Living life like a militant to living a life like a good human being. Life of Moni Manik Gogoi is just a story of inspiration. The 53-year-old a resident Shalmari Dighalia village of Upper Assam’s Tingkhang town in Dibrugarh district, had only one objective throughout his life—development for his poverty-stricken people.
An adverse life
Growing up in a small village, the only thing Gogoi saw was poverty. His mother had to beg on the streets so that her family could eat when his father was ill. Shalimar Dighalia village, a place that never knew what the word development stands for. The uncertainty led to the formation of the United Liberation Front of Assam (ULFA), an anti-government terrorist community that fought for the freedom of poverty.
In 1987, Gogoi decided to join the ULFA. Pledging not to carry a gun, he chose rather fight legally for the problems in his village. Leading from the front, he became an effective organizer because of his ability to maintain good relations with members of different ethnic, tribal and religious communities. “In 1987, I first came across the ULFA guhaaris or appeals distributed around my village. Their message for an independent Assam free of poverty and full of opportunities attracted me deeply,” he shared with The Better India.
Joining the rebel community was not an easy task, he had to work underground as police had all eyes on him everywhere. “When I joined ULFA, the police were always looking for me. I knew that if I stayed at home, they would catch me. So I was on the run living from one village to another,” he said.
In 1991, he got married in his village but unfortunately, he had to stay in a neighboring village because of the police and military deployments in the region. In 1994, along with 150 people in Assam, he went to the jungles of Myanmar to ULFA’s training camp in the forests of Myanmar and lived there for a year.
“But during the training camp, I was reluctant to take up weapons training – even if my life was under threat. I’m a farmer at heart, live close to nature and working towards social welfare is my only desire. I had no desire to kill, and thus became the only one in the camp without weapon’s training. In hindsight, I couldn’t believe they agreed to my condition for no weapons training.” recalls Gogoi.
Amongst all, villagers to be the priority
By the time he also involved himself in social works. Gogoi helped in building hospitals, agricultural farms and organized self-help groups.
He also started a Tingkhang Kala Kendra, a place where kids could learn how to sing, dance, act and draw. A lot of children learned drama, theatre, dance, singing, weaving, and farming there. There more than 100 kids in his learning school. That’s bot it, after his return from Myanmar, Gogoi also started a music school in his village and a cultural stage as well for locals to perform songs, learn theatre and other cultural activities.
Things never stood hidden for long, the police had located his current position. “All that came to an end in July 1998. Coming down from Jorhat district, I was going to my village for an event. Police entered my home at 3 am and captured me when I was asleep,” remembers Gogoi.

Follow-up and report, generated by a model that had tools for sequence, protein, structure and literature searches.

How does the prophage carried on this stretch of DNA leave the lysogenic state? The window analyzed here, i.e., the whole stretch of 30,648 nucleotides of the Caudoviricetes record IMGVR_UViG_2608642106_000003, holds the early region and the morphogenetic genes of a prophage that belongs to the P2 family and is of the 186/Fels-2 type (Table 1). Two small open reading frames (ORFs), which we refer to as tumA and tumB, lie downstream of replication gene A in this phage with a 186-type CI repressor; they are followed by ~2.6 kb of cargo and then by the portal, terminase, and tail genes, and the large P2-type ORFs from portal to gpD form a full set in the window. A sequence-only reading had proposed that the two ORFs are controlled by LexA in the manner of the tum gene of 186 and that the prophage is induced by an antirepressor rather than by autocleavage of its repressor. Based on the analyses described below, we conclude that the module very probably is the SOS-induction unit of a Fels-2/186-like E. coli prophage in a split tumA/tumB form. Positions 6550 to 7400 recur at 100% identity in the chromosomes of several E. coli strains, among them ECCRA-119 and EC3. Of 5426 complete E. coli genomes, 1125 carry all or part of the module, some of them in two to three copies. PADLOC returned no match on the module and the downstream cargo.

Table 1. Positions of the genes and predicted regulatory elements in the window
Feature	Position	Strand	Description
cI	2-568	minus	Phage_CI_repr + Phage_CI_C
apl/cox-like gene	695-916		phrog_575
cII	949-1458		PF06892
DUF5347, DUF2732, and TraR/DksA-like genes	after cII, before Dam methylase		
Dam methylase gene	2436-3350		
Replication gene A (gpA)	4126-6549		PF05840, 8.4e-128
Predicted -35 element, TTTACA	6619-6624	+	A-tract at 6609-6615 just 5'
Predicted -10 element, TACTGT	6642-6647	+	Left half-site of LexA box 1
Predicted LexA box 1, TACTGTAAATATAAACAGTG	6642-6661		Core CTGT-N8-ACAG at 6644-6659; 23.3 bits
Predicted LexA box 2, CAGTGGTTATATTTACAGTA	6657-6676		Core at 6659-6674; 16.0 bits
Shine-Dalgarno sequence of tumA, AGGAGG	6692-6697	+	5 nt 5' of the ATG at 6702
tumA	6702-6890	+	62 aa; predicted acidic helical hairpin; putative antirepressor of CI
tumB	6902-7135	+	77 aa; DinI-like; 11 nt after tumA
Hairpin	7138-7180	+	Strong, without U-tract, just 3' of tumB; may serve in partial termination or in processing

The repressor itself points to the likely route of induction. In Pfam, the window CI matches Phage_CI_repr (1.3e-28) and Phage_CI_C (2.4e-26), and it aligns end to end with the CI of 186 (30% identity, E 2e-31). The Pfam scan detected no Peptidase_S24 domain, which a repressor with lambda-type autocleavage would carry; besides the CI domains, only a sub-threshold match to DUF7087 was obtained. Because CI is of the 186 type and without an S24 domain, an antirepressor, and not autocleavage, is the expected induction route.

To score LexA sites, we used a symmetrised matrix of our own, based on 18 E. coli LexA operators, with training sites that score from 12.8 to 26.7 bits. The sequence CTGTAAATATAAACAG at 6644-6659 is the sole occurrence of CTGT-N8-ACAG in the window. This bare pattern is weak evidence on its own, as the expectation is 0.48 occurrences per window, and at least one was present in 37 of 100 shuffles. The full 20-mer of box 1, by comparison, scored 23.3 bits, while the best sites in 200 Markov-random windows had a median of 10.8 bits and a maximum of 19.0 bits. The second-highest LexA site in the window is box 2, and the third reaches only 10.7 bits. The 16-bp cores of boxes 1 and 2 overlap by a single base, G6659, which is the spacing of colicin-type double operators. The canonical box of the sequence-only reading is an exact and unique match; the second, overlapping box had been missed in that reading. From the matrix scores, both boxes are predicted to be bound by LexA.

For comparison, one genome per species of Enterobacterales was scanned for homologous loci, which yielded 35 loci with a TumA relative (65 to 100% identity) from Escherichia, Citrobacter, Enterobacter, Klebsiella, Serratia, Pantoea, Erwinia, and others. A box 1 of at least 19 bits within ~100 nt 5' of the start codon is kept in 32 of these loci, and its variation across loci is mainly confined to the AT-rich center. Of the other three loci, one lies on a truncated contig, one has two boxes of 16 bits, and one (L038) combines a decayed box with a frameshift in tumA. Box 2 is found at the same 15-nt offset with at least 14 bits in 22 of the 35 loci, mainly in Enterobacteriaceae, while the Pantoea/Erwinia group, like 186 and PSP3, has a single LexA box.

The police took him to Tingkhang Thana. He spent six months in Dibrugarh District Jail. The prison was rough, the jail had bad food, no clean water, and clothes, no proper sanitation.
In 1999, Gogoi was finally released. He had a new vision where he wanted to help his village but without ULFA. “I understood that an armed struggle against India would bring no real benefits for my people,” he says.
A new life
The first thing he did after coming out of jail was restoring a school in his village which was in a terrible state. Gogoi with the help of Oil India Limited (OIL), a public sector enterprise, under their corporate social responsibility (CSR) arm, refurbished the entire school. Various skill development programs for the youth in hospitality, nursing, tailoring, electrician work, etc, were also introduced.
He also helped in promoting the construction of community centers, building toilets, poultry farms, and opening weaving centers as well. He also managed the functioning of a local mobile dispensary.
In 2010, Gogoi had a vision of making his village an eco-tourism place. “I saw so many migratory birds, fish, flora, and fauna, and couldn’t help but notice the potential for this area to become an eco-tourism destination,” he recalls.
His village was home to many species of migratory birds, animals like the endangered Indian softshell turtle, medicinal trees, the extent for activities like trekking, boating, building eateries, parks, and cottages for boarding, was also managed.
The idea that changed his village and his people
He shared his idea with the local Dibrugarh district forest officer and deputy commissioner. The idea was well appreciated by them. They offered funds for the project under the National Rural Employment Guarantee scheme and other such rural development schemes. OIL too had joined the project as a partner. Ultimately, Assam Tourism Development Corporation sanctioned an amount of Rs 3 crore for the project.
Gogoi now claims that the project has given employment to more than 50,000 people in his area. People have involved themselves in the area working in catering, boating, construction, guest house cottages, and restaurants.
“I belong to a poor family. My parents always told me to be kind and help others if you’re capable. Their only expectation of me was that I become a good human being. If I do good work, they said I would never be alone. That has come true,” says Gogoi.